By Hayley Dunning
Researchers breed fruit flies that, after 40 generations of conditioning, have acquired the ability to react to numbers.
The pairing of the light stimulus and shaking seems unlikely to elicit any transgenerational epigenetic effects on neuro-architecture. Operant conditioning (i.e., training) is unlike classical conditioning in this regard. For example, epigenetic effects on intracellular signaling and stochastic gene expression allow Pavlovian conditioning / classical conditioning to directly effect behaviors that help to establish organisms in their ecological niche. That’s how nutrient chemicals are responsible for the ecological niche construction that precedes social niche construction and survival of species, which is controlled by the metabolism of nutrient chemicals to the pheromones that control reproduction in species from microbes to man.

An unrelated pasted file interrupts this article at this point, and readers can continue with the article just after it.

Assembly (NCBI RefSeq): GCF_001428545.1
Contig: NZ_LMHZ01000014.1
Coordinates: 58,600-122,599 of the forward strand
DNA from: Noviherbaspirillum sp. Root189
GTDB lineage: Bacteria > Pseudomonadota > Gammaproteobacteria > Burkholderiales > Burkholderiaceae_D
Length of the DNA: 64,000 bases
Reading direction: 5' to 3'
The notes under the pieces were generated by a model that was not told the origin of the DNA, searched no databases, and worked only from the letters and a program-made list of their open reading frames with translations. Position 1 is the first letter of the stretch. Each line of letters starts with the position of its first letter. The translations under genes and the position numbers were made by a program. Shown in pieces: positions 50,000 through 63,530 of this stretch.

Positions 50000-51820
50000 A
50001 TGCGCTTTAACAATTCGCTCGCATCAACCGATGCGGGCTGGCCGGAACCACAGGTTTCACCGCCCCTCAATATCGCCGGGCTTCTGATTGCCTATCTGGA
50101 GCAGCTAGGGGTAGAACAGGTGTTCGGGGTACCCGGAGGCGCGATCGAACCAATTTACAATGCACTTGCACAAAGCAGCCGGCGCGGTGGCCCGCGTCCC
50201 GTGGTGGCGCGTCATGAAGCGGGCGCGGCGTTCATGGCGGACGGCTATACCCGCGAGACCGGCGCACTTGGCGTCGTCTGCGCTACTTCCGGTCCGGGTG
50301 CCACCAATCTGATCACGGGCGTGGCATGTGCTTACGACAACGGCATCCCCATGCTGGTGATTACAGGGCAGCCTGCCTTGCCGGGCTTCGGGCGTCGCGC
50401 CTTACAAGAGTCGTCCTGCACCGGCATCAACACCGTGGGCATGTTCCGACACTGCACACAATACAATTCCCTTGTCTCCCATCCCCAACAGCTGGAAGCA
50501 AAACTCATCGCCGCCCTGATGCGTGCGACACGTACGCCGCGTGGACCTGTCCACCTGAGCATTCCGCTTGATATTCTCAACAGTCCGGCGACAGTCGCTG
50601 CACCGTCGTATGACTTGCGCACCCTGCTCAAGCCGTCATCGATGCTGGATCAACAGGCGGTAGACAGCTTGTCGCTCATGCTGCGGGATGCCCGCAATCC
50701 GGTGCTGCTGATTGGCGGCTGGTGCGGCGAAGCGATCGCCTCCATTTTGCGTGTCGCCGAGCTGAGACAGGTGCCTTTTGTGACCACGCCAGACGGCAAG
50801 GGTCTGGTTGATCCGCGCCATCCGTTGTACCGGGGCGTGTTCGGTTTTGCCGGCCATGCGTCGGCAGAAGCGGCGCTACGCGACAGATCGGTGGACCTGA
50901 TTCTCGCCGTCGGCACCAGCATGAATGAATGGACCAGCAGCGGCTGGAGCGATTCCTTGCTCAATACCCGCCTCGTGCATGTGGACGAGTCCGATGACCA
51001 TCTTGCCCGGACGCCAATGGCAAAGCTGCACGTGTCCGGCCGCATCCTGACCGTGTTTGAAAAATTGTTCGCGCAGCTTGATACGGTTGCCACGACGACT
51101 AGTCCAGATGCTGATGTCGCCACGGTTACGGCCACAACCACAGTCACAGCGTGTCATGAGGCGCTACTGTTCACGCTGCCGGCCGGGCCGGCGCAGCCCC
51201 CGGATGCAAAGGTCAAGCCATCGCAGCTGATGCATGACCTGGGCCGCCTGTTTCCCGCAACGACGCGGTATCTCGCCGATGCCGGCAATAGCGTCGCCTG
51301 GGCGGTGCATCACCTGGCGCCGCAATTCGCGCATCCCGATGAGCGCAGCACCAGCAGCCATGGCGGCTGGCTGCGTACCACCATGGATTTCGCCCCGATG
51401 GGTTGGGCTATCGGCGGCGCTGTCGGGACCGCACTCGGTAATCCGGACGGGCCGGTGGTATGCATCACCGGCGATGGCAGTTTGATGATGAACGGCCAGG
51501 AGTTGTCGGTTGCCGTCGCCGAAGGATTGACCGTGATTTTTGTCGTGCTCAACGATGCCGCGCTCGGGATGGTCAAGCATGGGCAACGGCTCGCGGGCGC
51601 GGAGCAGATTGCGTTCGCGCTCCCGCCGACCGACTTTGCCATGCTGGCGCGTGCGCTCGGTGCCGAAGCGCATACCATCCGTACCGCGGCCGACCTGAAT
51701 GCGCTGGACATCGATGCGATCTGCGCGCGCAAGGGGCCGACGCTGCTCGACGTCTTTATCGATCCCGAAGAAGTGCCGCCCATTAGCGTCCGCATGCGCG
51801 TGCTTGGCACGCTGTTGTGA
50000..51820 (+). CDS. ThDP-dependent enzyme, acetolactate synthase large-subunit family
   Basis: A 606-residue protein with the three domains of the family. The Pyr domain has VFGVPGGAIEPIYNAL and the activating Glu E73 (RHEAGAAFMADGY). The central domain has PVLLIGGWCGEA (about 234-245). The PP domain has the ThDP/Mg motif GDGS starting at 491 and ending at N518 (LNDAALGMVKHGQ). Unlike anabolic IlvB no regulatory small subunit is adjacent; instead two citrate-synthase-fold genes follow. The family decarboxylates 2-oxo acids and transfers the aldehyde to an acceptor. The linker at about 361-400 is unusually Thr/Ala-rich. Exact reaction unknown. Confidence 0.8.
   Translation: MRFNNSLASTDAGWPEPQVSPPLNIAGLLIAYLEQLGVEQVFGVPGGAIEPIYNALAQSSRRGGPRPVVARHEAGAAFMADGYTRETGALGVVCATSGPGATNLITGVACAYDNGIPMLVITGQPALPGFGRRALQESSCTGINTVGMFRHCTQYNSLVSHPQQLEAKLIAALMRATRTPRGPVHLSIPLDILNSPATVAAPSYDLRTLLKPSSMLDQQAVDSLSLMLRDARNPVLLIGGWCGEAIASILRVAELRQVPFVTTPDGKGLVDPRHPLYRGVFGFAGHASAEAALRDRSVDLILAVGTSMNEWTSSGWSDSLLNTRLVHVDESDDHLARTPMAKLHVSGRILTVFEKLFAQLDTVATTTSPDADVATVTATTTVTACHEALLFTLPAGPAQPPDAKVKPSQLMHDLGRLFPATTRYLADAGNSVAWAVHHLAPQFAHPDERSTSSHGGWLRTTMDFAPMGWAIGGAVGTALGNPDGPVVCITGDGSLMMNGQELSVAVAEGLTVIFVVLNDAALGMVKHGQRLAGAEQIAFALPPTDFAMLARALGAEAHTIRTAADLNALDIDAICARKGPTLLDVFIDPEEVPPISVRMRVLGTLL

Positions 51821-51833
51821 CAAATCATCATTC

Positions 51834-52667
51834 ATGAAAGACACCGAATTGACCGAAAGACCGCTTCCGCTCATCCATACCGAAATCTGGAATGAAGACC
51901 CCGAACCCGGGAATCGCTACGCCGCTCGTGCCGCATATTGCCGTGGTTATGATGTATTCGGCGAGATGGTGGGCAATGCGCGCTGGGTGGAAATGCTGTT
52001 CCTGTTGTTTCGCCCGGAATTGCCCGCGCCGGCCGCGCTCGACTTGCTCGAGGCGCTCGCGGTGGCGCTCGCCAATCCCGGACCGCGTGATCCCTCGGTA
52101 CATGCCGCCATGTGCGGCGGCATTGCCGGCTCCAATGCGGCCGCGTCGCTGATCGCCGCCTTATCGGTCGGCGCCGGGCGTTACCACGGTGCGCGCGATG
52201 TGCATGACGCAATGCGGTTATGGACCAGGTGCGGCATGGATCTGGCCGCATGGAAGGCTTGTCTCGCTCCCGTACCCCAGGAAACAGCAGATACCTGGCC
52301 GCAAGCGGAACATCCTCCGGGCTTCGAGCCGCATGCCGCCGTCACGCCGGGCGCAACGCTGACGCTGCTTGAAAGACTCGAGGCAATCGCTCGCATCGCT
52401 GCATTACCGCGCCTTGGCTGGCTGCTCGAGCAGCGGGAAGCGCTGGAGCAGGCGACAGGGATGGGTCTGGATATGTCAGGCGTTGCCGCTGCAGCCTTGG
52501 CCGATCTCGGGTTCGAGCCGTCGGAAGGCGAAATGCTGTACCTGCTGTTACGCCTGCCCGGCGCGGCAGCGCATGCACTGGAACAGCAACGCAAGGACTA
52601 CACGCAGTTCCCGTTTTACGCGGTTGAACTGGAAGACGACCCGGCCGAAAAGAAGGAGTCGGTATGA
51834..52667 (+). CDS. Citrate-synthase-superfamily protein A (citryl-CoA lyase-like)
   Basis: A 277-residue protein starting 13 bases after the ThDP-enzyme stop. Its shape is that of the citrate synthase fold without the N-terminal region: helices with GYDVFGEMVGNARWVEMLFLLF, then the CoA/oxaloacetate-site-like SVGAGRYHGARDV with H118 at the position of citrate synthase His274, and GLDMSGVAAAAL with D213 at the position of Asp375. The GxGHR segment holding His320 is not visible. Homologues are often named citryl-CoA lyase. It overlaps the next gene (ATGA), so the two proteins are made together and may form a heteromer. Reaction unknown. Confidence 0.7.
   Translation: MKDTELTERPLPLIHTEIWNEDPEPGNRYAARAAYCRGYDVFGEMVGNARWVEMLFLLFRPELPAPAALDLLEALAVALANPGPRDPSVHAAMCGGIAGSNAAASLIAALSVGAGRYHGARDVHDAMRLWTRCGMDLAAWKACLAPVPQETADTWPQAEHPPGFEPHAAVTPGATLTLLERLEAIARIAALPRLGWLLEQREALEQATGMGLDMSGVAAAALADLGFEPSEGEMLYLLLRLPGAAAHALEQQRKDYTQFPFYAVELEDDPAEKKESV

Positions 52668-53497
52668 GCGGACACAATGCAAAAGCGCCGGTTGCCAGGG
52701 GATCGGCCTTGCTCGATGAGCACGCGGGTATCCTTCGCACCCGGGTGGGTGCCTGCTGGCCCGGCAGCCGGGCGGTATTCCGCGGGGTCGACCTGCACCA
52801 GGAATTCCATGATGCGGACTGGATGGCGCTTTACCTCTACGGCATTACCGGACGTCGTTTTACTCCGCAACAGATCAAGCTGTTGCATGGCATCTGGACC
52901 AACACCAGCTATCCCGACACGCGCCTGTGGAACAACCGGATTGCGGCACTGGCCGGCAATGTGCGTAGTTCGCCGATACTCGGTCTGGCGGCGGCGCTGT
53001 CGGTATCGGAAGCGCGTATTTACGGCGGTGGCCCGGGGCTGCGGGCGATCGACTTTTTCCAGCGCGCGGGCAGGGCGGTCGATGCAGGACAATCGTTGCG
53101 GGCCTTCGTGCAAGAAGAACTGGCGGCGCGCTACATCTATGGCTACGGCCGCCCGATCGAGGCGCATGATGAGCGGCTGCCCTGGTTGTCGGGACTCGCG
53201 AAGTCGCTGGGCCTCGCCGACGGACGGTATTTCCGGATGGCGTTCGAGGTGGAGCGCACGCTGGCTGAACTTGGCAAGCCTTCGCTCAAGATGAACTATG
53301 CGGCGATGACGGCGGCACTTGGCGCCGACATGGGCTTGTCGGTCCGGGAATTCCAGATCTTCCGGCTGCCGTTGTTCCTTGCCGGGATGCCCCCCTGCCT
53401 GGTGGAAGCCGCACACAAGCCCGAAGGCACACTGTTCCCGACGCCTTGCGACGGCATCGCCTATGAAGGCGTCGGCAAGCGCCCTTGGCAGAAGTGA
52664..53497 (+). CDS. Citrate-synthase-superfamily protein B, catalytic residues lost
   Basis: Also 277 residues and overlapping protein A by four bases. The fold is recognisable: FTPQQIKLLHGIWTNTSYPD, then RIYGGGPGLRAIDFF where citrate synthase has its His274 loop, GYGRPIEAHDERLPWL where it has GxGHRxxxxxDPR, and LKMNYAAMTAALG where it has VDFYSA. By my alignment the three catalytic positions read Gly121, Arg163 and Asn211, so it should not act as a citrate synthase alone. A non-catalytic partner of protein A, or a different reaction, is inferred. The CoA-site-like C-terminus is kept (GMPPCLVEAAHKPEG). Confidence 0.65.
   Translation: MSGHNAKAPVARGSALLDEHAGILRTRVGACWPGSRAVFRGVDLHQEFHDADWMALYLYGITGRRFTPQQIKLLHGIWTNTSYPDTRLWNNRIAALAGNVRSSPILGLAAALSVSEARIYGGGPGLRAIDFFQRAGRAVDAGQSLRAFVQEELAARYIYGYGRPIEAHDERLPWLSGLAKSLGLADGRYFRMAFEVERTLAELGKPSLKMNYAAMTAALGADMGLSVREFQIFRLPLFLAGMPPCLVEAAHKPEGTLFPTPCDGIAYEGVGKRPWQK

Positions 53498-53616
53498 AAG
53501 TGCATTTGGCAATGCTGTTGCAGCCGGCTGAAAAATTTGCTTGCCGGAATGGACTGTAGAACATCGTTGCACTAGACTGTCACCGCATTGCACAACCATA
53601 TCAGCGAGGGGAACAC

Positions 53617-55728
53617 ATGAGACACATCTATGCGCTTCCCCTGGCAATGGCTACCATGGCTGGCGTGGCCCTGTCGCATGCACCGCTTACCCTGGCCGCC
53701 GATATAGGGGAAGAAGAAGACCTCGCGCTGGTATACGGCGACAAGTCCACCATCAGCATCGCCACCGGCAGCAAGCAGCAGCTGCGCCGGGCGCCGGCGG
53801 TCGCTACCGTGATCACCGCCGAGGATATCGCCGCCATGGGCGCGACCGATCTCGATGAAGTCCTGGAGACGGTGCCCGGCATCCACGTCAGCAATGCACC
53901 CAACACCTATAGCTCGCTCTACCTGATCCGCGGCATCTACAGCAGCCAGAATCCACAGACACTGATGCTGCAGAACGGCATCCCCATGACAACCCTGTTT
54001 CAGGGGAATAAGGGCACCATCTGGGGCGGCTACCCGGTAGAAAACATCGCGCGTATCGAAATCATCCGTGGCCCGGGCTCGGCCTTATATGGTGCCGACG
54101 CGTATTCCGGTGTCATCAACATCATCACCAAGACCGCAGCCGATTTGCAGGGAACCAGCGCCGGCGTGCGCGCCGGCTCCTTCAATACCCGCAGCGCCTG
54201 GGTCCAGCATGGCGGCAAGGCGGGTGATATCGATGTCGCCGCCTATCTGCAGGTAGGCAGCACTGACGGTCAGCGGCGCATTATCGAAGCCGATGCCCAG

The ecological and social niche contribute to the neurogenic niche in invertebrates that allows nutrient chemicals and pheromones to contribute to adaptive evolution by promoting brain changes (e.g., in neuro-architecture) that are passed on to offspring via transgenerational epigenetic inheritance. Vertebrate evolution proceeds along these same lines: ecological, social, neurogenic, but we begin to see some additional epigenetic effects of nutrient chemicals and pheromones because both alter the more highly evolved hypothalamic neurogenic niche that is responsible for vertebrate species survival and the development of our socio-cognitive niche.
Where do others think is the best place to look for changes in neuro-architecture caused by training? Is there a model for that?